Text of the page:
Would it be accurate to say that stories that are placed in WW2 are easier to print simply because that was a conflict that had to be won for the sake of democracy and human dignity, and that some of the later wars have been much more debated and questioned? How do you deal with that reality?

Yes. Later conflicts have to be "simplified", if you like, to maintain a balanced view of them.

As a reader of imported issues (some was published in Norway in a title called "Kamp" at one time), I did notice that there were virtually no stories at all about the struggle on the eastern front. Was that a result of the cold war at that time or did the audience simply want to read about British heroes?

British heroes were popular, but we have featured many German, Italian, Japanese heroes. If a story is strong enough, we will use whatever nationality it requires.

What is your job as editor of Commando? Describe a typical day at the office.

Working on ideas with writers on artists by telephone and email … and normal post. Liaising with our production departments to ensue we do go to press.

Have you worked on other titles as well and when did you get involved in this title? 

I have worked on Commando since 1963, but we also did romance libraries then … War and Peace.

Did you predecessor give you any advice that was smart to take to heart when you stepped in?

Get the story right and the rest will follow.

Have you published any "Commando Annuals" or has it been discussed at the office at all?

Yes, three in the 80s/90s, but they were not a great success.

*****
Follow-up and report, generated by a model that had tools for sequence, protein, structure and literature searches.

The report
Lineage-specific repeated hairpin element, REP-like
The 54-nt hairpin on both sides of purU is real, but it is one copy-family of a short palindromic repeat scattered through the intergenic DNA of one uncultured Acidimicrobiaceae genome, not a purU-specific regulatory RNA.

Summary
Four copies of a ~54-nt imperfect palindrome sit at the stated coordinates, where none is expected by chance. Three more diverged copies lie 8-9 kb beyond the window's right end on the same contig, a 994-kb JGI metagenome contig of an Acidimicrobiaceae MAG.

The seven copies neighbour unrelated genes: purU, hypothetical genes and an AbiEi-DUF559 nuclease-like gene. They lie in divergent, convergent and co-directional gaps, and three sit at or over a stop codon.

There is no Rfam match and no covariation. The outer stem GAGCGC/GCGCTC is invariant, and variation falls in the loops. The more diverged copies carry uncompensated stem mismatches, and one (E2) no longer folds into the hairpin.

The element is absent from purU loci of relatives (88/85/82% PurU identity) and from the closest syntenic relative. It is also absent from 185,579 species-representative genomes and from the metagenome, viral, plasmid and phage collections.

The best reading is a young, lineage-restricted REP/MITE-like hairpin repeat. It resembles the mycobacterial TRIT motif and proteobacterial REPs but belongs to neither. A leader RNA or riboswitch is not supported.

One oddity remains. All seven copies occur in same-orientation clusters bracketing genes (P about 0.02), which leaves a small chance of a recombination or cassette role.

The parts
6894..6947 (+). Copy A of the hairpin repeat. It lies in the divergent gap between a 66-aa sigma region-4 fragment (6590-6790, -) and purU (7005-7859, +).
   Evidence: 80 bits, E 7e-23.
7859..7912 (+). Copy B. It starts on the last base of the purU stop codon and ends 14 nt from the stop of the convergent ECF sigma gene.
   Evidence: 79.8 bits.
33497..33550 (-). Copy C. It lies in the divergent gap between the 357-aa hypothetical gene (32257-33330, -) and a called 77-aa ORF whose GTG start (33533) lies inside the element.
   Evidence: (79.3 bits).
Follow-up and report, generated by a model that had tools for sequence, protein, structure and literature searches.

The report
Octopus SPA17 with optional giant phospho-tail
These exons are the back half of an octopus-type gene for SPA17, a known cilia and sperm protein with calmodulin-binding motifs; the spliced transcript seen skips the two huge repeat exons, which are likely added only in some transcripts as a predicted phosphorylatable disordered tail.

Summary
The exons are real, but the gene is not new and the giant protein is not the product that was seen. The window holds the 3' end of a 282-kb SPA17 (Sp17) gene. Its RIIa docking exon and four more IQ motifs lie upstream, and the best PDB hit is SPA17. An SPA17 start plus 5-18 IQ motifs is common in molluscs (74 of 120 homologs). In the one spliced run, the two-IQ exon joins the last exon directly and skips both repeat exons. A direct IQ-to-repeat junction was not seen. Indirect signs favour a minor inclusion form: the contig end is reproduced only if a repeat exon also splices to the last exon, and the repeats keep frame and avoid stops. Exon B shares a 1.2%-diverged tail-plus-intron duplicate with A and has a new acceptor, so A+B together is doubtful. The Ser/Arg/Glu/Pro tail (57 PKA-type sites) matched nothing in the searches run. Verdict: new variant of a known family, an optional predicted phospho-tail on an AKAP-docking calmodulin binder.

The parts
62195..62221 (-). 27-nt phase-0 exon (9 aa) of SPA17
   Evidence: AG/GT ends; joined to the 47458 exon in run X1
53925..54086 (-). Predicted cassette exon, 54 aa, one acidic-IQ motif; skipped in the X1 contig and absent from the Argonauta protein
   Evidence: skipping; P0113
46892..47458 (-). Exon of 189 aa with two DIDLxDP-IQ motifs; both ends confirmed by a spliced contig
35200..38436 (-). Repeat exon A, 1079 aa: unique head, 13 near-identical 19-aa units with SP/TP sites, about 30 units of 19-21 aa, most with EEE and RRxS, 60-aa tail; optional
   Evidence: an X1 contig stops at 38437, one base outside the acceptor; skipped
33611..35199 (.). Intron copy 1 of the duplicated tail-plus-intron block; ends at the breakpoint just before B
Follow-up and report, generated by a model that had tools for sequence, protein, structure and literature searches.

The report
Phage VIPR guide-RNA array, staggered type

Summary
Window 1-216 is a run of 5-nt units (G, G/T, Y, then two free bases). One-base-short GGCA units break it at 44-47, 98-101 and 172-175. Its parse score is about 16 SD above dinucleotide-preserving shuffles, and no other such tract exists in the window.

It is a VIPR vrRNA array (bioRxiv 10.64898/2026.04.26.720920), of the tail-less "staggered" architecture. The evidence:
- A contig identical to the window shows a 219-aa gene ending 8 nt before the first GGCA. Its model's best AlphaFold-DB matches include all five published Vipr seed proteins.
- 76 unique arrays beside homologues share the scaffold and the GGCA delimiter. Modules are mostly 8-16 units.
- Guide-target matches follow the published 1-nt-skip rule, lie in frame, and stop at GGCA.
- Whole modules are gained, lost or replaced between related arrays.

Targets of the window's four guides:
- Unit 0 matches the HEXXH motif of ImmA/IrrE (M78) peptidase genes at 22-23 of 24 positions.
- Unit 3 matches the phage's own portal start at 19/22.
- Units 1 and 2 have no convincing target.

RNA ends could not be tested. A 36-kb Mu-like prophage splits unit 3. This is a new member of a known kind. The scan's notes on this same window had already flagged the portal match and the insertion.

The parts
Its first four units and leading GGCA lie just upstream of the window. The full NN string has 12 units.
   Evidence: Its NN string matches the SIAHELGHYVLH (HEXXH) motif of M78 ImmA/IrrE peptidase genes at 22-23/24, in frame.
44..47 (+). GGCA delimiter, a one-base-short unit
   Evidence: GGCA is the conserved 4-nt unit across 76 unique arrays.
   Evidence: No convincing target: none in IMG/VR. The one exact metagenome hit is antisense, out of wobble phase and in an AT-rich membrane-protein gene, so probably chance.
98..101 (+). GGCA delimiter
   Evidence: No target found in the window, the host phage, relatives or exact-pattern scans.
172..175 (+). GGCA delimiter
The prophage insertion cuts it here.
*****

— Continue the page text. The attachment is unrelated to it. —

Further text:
How is the market in the UK for classic comics, counting other types of stories (football, detective and so on) as well?

Not so good as it used to be … like everywhere else.

In Sweden we have not seen a war comic in print since 1988, and if you look at Scandinavia it looks like the "Korkeajännitys" title (which consists largely of your comics) in Finland is the only one left here. Do you still export the Commando title to any other countries except Finland?

Occasionally to Norway, France, Greece etc, but nothing regular.

Every title has a "golden era", at what time was Commando at the very peak of its run?


How long has Commando been the last standing war comic in the UK?

About ten years.

Has it been under threat of being cancelled at any point?


The version they have going in Finland is brilliant, 4 stories jammed into 260 pages. This is a concept that I´ll try to get the Swedish publishing houses interested in. Has Commando ever been issued like that in the UK or did the editor in Finland come up with this idea?

Not in the UK. It is a concept of the Finns.

I know that they have produced some issues in Finland locally, that deals with the conflicts between Finland and the Soviet Union during the war. Has these been published in England as well?

Yes, and they were popular.

What artists and writers have been working for Commando the longest?

Ian Kennedy is our longest serving artist. The writers come and go more.

Any new talents that has come in lately?

Not at this precise moment.

Do you have any idea what a copy of an early Commando could be worth these days?

About £300.

Are you in touch with any collectors and what kind of requests do you usually get from your audience?

They want to know about artists and writers and collect missing issues to complete their collection.

Do you foresee that Commando will be around in 2010 as well?

I hope so!